I don't think Rubio's house looks working class, at all. Though I guess his statement was technically accurate if his less immediate neighborhood isn'r nearly as nice.
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    Feb 15, 2013 2:03 AM GMT
    showme said

    I don't think Rubio's house looks working class, at all. Though I guess his statement was technically accurate if his less immediate neighborhood isn'r nearly as nice.


    Lawyers know how to work them technicalities! icon_cool.gif
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    Feb 15, 2013 3:06 AM GMT
    Sashaman said
    southbeach1500 saidJust as a comparison... Joe Biden has frequently labelled himself as "working class."



    I'd be curious abut the market value of his primary residence.


    I don't know how accurate the information on this site is, but it lists the mortgage on his primary residence as being between $501,000 and $1,000,000.

    http://www.davemanuel.com/pols/joe-biden/


    Behold the power of the internetz....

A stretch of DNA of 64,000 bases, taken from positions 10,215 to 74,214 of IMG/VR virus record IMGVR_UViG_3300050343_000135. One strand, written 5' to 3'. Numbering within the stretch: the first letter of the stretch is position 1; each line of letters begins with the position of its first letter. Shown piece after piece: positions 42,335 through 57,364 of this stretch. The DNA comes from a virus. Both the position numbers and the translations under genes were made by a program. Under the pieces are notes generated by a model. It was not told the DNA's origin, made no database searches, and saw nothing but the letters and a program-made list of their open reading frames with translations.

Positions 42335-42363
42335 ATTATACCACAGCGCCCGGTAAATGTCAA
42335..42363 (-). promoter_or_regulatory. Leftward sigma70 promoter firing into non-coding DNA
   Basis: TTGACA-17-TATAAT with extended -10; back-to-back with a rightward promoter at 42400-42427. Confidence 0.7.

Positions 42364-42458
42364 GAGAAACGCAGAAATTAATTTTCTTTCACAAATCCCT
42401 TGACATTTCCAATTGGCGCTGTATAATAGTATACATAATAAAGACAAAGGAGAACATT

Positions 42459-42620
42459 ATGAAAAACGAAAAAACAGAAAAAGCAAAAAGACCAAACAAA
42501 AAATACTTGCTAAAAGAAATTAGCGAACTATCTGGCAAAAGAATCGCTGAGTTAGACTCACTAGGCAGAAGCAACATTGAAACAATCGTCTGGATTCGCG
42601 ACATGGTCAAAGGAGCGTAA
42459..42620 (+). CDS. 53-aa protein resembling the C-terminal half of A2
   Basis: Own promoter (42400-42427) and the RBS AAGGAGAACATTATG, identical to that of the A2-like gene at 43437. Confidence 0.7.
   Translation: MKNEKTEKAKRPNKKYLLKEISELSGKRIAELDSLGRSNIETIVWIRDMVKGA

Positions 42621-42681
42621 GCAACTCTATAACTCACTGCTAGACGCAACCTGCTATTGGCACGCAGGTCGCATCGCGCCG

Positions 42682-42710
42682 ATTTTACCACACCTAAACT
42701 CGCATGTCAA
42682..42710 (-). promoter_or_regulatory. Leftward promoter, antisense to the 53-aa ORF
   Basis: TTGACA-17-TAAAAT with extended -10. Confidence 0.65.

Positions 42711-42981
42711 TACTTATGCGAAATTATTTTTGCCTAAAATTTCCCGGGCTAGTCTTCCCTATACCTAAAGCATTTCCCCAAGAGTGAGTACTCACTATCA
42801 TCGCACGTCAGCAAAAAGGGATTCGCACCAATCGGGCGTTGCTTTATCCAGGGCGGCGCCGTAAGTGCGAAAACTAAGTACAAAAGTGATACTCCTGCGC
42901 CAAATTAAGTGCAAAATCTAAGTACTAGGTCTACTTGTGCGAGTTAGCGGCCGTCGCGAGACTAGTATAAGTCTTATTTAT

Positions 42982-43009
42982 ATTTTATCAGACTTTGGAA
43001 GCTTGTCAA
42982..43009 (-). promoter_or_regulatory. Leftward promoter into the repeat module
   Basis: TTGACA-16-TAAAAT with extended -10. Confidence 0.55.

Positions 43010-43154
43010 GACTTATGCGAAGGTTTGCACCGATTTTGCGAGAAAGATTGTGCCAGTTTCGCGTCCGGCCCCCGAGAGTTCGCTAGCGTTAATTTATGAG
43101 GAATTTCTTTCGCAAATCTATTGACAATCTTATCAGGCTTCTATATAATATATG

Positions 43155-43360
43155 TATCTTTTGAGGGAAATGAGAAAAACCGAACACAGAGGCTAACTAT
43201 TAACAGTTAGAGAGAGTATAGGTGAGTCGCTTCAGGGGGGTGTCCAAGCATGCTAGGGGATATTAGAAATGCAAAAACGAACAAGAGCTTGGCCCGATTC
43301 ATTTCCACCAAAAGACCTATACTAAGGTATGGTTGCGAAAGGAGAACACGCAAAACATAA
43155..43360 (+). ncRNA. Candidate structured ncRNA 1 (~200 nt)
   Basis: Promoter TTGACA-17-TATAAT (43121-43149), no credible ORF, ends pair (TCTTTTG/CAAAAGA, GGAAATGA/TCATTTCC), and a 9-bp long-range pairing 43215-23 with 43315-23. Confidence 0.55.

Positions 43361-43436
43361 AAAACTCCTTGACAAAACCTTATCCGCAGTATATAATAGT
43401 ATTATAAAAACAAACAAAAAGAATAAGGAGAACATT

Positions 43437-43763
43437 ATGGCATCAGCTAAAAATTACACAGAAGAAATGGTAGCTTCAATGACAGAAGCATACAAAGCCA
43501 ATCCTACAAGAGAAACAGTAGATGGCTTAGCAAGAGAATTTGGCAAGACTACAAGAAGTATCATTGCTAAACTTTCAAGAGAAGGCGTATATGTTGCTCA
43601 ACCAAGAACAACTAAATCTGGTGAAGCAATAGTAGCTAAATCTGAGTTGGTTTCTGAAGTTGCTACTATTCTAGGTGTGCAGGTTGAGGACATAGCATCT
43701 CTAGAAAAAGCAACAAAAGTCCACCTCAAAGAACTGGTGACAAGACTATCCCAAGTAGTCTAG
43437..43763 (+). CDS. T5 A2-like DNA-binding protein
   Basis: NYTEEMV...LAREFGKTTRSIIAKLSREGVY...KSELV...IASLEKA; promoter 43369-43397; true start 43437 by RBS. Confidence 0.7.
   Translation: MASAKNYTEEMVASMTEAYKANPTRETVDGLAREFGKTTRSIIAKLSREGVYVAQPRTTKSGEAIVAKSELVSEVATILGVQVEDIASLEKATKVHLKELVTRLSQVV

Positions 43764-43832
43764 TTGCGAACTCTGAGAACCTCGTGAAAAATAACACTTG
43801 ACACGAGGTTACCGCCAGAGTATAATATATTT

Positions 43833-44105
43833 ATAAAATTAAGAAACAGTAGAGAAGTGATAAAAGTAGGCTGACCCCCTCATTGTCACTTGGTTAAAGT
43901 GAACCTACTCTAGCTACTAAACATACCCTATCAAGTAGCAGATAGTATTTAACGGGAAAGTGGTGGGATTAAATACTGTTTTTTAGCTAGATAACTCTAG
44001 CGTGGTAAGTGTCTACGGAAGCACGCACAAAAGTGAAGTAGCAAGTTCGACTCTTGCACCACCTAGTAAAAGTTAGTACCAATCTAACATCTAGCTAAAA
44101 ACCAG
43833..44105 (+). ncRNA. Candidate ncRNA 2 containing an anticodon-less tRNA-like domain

http://www.zillow.com/h/1209-Barley-Mill-Rd-Wilmington-DE-19807-72996610/

    http://de.blockshopper.com/property/0702900052/1209_barley_mill_road/
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    Feb 15, 2013 3:14 AM GMT
    showme saidI think it depends completely on the market. $675,000 gets you a starter house in Arlington, VA. Most truly working class folks here don't own single family homes.

    I don't think Rubio's house looks working class, at all. Though I guess his statement was technically accurate if his less immediate neighborhood isn'r nearly as nice.


    I think working class is such a loaded term that it mostly just has meaning for propagandizing.

    FYI...

    Arlington Zillow Home Value Index
    app?service=chart&chartType=geo&mt=34&dt


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    Feb 15, 2013 5:05 AM GMT
    ^ I think that chart includes condos and coops.
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    Feb 15, 2013 6:42 AM GMT
    here's the single family houses without the condos

    Arlington Zillow Home Value Index
    app?service=chart&chartType=geo&mt=34&dt


    here's the condo & coops

    Arlington Zillow Home Value Index
    app?service=chart&chartType=geo&mt=34&dt